By Paul Sorgule
This morning I read a small letter to the editor in the Adirondack Enterprise about a loon that was apparently killed by a boater in the channel between Lake Flower and Oseetah Lake. I was struck with profound sadness and a touch of anger. For many years, that loon held court on Lake Flower and was a welcome and highly anticipated sign of Spring. For many years he seemed to be without a mate, until this year. There was an obvious gleeful change in his daily routine and soon we were blessed to notice a pair of newborn chicks riding on their mother’s back. It was this loon’s soothing coo in the early morning that signaled how special it was to live in this Adirondack Community.
When we were on the lake (oftentimes in the late afternoon) we would coast around hoping to see him feeding. He had become accustomed to people and sometimes treated us to his presence just 15 or 20 feet off our bow. It was thrilling to watch him dive for fish only to pop up 50 or 60 yards away -loons are excellent swimmers. Maybe he became too familiar with people and failed to understand the dangers that this familiarity brings. While we drifted in our boat if we ever crept too close, he would let us know by fluttering his wings or letting out a distinctive sound that could only mean “back off”. Then he would settle down and provide a pose for another picture to add to our files.
At the end of the season, in mid to late October, the loon would leave the lake signaling the upcoming winter season and an end to our boating for another year. Throughout the winter we would talk about the next time we would meet our friend and hope that he would return with a mate. Loons are creatures of habit, and we anticipated many more years of sharing space on his lake. Now, that is a wish from the past.
We too own a motorboat on Lake Flower and enjoy a few rides each week through the waters that surround us. We are never in a hurry to rush through the magnificent space that surrounds our hometown. Taking our time to enjoy the incredible views and occasional wildlife, we tend to move with little boat wake so as not to miss anything along the way. When we see an oncoming kayak, canoe, or boarder we slow down to a crawl. Navigating a small non-motorized vessel is increasingly dangerous when trying to push through a motorboat wake. Where people swim, our boat moves as far away as possible. Our eyes are always on the lookout for aquatic creatures, people, and small boats as well as occasional floating logs, or stumps exposed during a dry spell. Passing through the channel or narrow places where homes and docks dot the shoreline, we slow down to do our part in protecting people, property, and shoreline from eroding more than it already has. This is what good boaters do.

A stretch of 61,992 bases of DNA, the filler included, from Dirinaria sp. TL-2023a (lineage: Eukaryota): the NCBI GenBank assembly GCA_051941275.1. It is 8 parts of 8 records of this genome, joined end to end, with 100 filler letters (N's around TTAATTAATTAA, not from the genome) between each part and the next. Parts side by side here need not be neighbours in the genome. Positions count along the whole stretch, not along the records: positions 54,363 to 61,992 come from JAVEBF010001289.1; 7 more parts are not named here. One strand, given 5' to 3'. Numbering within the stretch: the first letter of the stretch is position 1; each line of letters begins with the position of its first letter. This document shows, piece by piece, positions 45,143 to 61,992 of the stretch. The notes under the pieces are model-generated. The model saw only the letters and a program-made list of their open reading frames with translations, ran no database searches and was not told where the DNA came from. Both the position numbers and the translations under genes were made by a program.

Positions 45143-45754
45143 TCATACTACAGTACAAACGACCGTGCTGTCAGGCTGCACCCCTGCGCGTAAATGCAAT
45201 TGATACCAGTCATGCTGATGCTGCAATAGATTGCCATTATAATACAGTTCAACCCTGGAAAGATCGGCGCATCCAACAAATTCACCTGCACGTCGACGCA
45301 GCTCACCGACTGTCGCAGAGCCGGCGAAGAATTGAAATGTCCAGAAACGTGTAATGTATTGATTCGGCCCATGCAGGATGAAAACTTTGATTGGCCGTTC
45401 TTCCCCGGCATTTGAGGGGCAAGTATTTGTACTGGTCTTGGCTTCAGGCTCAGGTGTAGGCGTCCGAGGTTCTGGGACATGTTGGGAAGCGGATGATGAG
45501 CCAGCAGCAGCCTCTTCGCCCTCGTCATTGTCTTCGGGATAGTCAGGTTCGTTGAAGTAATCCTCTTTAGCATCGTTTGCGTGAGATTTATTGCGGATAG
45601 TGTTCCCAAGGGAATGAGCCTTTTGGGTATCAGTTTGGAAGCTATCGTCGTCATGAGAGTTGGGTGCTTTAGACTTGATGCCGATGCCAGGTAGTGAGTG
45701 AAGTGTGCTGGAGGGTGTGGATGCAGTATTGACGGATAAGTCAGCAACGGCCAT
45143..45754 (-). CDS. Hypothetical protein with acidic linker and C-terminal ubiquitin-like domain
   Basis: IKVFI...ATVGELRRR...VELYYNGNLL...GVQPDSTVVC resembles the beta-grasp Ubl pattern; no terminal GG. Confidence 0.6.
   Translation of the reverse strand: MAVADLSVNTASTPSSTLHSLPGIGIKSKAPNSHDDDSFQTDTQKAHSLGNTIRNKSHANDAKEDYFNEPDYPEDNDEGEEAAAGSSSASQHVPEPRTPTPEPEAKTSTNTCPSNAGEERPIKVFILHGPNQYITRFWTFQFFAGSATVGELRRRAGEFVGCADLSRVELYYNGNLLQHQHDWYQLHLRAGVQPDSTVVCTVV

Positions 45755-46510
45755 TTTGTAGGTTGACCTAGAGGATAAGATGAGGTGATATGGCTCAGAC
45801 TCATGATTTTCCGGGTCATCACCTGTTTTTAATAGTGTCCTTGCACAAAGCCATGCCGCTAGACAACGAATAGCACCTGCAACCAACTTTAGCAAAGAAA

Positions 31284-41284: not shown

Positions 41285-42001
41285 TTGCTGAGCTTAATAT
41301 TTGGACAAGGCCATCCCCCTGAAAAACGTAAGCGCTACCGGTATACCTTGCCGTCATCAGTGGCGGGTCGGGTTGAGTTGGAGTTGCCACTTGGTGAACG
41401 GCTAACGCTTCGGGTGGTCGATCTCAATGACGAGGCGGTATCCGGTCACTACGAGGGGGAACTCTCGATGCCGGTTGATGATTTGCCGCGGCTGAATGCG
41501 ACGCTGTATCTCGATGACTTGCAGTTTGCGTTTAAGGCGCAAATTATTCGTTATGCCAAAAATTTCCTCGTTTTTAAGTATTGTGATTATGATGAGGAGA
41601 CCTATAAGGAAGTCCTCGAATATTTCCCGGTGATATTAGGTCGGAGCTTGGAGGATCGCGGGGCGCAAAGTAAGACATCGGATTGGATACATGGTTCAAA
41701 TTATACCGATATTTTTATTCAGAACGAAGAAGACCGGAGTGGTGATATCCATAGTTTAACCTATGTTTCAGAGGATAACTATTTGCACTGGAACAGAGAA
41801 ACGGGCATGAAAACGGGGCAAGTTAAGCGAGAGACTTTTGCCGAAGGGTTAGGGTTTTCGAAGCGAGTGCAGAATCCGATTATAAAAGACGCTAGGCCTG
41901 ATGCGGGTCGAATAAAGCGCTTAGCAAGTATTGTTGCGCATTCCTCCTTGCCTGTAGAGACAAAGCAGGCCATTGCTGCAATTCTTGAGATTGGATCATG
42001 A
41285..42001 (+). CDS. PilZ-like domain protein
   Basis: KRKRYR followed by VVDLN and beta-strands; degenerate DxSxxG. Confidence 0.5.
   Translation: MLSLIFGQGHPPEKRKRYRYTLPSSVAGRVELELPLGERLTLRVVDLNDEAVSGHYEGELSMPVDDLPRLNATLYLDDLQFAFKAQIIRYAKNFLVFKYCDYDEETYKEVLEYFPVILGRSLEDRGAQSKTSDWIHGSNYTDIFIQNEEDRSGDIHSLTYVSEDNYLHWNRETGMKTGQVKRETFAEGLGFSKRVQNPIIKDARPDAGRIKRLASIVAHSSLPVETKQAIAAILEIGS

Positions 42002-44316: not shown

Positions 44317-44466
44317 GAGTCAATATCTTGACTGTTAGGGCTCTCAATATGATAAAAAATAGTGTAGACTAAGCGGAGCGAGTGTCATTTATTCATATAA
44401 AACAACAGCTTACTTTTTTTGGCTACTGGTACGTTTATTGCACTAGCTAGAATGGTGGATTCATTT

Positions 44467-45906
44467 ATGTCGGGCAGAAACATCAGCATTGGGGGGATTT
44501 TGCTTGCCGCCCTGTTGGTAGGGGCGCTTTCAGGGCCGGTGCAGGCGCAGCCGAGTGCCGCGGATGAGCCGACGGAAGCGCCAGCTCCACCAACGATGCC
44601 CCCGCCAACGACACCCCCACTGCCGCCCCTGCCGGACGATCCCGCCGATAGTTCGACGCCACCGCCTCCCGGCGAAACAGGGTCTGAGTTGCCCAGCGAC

We are sad about our friendly loon and only hope that he enjoyed time with his mate and newborn chicks, an experience he had been seeking for years. We will miss his presence and beautiful sound. At the same time, we are angry that some people are so careless and maybe uncaring that they fail to respect the tranquility of our lakes and fail to practice good boating behavior. Let’s practice safe boating and maybe our loon’s chicks will return next year to take his place.
Paul Sorgule lives in Saranac Lake.
Loon pictured above is an Almanack file photo by Don Andrews (not the loon mentioned in this commentary).